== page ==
How do we remember to do all of this whilst we are diving? The simple answer is “Training” and because you agree a dive plan with your dive buddy before the dive and keep to it..
Dive 3 – Daedulus Reef from the North East to South East
This dive is all about scale. The reef wall is steep and therefore its drop-off into the ocean is significant as the above picture shows (with divers as the scale marker). Above you can see how
shear the reef wall is.
There are large outcrops of coral attached to the wall
some quite stunning and very old because coral is a slow grower
There are small fish by the million
who seem quite calm as we fin by
plus a lot of fish out in the blue
and a passing turtle some distance away
One large Coral Hind was very keen to swim with me
There was of course the common stag horn coral
and some beautiful small corals – colour is different underwater and when you are close up to the coral above, it shines a brilliant white.
Dive 4 – Daedalus Reef from East to South
For this dive we started to the east of the lighthouse (rib drop off again) and drifted and finned with the current back to our boat.
A lot of fish accompanied us as we drifted including the above Napoleon
and a couple of Trigger Fish who had other things on their mind than divers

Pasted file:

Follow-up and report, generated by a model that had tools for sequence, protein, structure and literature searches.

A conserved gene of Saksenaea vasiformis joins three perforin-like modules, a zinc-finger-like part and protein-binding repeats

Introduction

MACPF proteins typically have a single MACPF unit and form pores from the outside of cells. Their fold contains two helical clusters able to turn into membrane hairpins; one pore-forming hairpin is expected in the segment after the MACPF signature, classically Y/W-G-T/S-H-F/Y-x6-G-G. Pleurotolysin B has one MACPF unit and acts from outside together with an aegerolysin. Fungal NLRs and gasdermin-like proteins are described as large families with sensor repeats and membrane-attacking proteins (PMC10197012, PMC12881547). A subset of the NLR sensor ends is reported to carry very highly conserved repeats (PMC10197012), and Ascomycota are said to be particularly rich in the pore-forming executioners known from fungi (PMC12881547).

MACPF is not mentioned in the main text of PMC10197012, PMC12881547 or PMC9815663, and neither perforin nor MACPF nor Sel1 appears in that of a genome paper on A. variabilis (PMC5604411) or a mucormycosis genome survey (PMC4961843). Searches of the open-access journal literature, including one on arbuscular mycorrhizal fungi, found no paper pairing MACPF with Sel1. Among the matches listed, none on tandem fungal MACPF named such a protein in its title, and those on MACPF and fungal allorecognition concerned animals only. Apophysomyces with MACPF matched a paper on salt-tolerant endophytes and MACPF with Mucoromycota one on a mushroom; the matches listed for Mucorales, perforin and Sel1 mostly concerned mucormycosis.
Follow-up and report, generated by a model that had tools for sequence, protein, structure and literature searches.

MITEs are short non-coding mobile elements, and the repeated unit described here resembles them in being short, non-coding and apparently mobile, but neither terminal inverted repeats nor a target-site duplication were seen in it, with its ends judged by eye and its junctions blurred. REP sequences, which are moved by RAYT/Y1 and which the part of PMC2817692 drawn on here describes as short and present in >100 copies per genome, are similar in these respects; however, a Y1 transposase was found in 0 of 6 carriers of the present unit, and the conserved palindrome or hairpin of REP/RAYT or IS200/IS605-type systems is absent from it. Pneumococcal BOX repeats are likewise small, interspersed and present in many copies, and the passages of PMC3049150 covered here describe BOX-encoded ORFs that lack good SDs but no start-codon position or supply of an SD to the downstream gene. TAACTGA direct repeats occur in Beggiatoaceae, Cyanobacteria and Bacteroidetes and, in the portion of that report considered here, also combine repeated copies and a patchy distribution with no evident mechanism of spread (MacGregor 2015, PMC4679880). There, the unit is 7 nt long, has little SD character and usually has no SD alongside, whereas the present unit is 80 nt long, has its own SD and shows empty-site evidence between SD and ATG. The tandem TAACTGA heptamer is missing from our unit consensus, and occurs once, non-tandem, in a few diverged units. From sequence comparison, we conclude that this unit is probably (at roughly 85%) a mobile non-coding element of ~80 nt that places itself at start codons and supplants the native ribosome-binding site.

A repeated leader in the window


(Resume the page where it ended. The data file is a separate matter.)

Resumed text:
Below is a type of Starfish called a “Crown of Thorns” – it is controversial
because many reef preservationists say that it destroys coral reefs by eating the coral (and therefore should be destroyed on sight). Because it has few natural predators, it thrives once established and they cite as evidence of its destructive nature, the damage it has done to the Great Barrier Reef once Abalone numbers (one of its few predators) had been decimated due to over fishing.
Towards the end of the dive we came across a shoal of Cornet Fish
who were very inquisitive – this one came right up to my mask and it was eyeball to eyeball for a number of minutes as we checked each other out.
Dive 5 – Daedalus Reef from West to South West
The objective was to explore a different part of the reef, drifting with the current at an easy depth and just seeing what one could find. A Rib drop off (and pickup) left us at a shear wall of coral with some amazing growths.
If you take the diver in the picture below as a scale, the coral outcrop behind him represents about 1000 years of growth.
This diver is just hanging around besides a crop of fire coral
Fire coral carries with it a red warning colour
because if you touch it, you get stung quite painfully.
Amongst the fish in the coral wall were Nemos such as that above and below which live inside a stinging anemone. Over time, they have developed an immunity to the poison in the anemone and hence nip back inside to hide whenever danger is sensed.
Large Trigger fish such as that below are to be feared because they are very aggressive when defending a nest. Most divers have been chased or bitten by a trigger fish a number of times during their diving careers.
Fish are quite good at camouflage. In a cave on the wall, a large
Grouper was lying quite quietly having a snooze. When it realised we
were there, it opened one eye to keep a watch on us but decided not to move unless it felt threatened (we left it alone and moved on).